Unintended and intended use by outsiders
Measures to deter unauthorized users include suppressing the AP's service set identifier (SSID) broadcast, allowing only computers with known MAC addresses to join the network, and various encryption standards. Access points and computers using no encryption are vulnerable to eavesdropping by an attacker armed with packet sniffer software. If the eavesdropper has the ability to change his MAC address then he can potentially join the network by spoofing an authorised address.
WEP encryption can protect against casual snooping but may also produce a misguided sense of security since freely available tools such as AirSnort can quickly recover WEP encryption keys. Once it has seen 5-10 million encrypted packets, AirSnort will determine the encryption password in under a second. The newer Wi-Fi Protected Access (WPA) and IEEE 802.11i (WPA2) encyption standards do not have the serious weaknesses of WEP encryption, but require strong passphrases for full security.
Recreational exploration of other people's access points has become known as wardriving, and the leaving of graffiti describing available services as warchalking. These activities may be illegal in certain jurisdictions, but existing legislation and case-law is often unclear.
However, it is also common for people to unintentionally use others' Wi-Fi networks without explicit authorization. Operating systems such as Windows XP SP2 and Mac OS X automatically connect to an available wireless network, depending on the network configuration. A user who happens to start up a laptop in the vicinity of an access point may find the computer has joined the network without any visible indication. Moreover, a user intending to join one network may instead end up on another one if the latter's signal is stronger. In combination with automatic discovery of other network resources (see DHCP and Zeroconf) this could possibly lead wireless users to send sensitive data to the wrong destination, as described by Chris Meadows in the February 2004 RISKS Digest. 
In Singapore, using another person's Wi-Fi network is illegal under the Computer Misuse Act. A 17 year old has been arrested for simply tapping into his neighbor's wireless Internet connection and faces up to 3 years' imprisonment and a fine.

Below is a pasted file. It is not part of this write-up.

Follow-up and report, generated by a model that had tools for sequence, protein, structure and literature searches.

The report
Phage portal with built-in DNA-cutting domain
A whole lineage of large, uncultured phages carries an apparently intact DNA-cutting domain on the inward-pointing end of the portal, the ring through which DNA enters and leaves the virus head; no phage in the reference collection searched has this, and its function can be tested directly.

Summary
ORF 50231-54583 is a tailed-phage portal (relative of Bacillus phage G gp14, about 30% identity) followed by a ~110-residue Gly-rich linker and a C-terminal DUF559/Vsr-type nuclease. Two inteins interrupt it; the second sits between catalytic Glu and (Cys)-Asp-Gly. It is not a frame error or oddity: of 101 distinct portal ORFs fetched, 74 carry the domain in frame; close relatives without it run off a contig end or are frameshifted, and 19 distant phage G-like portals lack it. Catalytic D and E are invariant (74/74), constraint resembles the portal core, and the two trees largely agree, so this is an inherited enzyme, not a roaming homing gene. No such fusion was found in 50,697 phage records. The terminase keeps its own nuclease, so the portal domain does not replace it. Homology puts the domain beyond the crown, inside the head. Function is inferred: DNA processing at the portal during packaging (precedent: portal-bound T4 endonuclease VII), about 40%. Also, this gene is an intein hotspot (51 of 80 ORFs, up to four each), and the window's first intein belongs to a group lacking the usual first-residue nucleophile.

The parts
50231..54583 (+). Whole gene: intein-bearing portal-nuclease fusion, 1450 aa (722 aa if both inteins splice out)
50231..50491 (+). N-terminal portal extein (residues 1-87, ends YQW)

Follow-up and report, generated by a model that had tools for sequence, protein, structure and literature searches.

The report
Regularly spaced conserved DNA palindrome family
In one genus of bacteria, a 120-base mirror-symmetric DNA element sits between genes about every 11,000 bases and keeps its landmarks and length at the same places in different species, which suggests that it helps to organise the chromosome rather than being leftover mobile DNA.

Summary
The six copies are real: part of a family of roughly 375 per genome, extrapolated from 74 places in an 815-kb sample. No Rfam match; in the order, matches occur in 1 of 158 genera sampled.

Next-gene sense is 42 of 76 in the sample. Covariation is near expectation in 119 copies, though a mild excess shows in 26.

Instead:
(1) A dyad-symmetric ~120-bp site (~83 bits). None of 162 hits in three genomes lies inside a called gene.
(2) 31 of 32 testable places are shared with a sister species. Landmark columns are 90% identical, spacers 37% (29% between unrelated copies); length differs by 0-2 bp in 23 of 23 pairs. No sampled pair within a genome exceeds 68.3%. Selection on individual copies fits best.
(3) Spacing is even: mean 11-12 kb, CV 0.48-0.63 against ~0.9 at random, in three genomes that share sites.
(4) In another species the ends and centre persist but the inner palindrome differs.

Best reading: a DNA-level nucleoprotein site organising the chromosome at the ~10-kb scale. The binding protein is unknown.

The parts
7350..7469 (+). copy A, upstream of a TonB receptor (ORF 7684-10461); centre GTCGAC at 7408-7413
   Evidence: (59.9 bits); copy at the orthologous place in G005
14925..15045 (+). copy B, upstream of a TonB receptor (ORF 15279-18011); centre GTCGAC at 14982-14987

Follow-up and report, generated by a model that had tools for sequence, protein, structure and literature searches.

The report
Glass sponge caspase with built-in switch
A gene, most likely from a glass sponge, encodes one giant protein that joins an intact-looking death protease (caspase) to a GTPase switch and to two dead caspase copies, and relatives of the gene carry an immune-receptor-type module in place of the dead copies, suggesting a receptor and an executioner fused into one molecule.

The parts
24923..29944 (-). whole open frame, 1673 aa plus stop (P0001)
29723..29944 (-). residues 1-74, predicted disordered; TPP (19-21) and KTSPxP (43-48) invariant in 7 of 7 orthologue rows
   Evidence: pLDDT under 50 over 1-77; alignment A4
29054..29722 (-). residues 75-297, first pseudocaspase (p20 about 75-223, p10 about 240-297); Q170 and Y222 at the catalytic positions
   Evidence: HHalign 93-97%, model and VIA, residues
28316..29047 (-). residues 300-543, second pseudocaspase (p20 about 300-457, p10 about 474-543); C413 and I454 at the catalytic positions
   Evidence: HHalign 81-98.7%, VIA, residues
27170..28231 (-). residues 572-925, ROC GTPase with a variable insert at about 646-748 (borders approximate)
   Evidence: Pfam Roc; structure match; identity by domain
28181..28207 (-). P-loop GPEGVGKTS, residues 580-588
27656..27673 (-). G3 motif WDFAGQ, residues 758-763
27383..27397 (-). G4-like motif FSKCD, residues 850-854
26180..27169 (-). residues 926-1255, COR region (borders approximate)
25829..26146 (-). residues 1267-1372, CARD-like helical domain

Wi-Fi vs. amateur radio
In the US and Australia, a portion of the 2.4 GHz Wi-Fi radio spectrum is also allocated to amateur radio users. In the US, FCC Part 15 rules govern non-licensed operators (i.e. most Wi-Fi equipment users). Under Part 15 rules, non-licensed users must "accept" (i.e. endure) interference from licensed users and not cause harmful interference to licensed users. Amateur radio operators are licensed users, and retain what the FCC terms "primary status" on the band, under a distinct set of rules (Part 97). Under Part 97, licensed amateur operators may construct their own equipment, use very high-gain antennas, and boost output power to 100 watts on frequencies covered by Wi-Fi channels 2-6. However, Part 97 rules mandate using only the minimum power necessary for communications, forbid obscuring the data, and require station identification every 10 minutes. Therefore, output power control is required to meet regulations, and the transmission of any encrypted data (for example https) is questionable.
In practice, microwave power amplifiers are expensive and decrease receive-sensitivity of link radios. On the other hand, the short wavelength at 2.4 GHz allows for simple construction of very high gain directional antennas. Although Part 15 rules forbid any modification of commercially constructed systems, amateur radio operators may modify commercial systems for optimized construction of long links, for example. Using only 200 mW link radios and high gain directional antennas, a very narrow beam may be used to construct reliable links with minimal radio frequency interference to other users.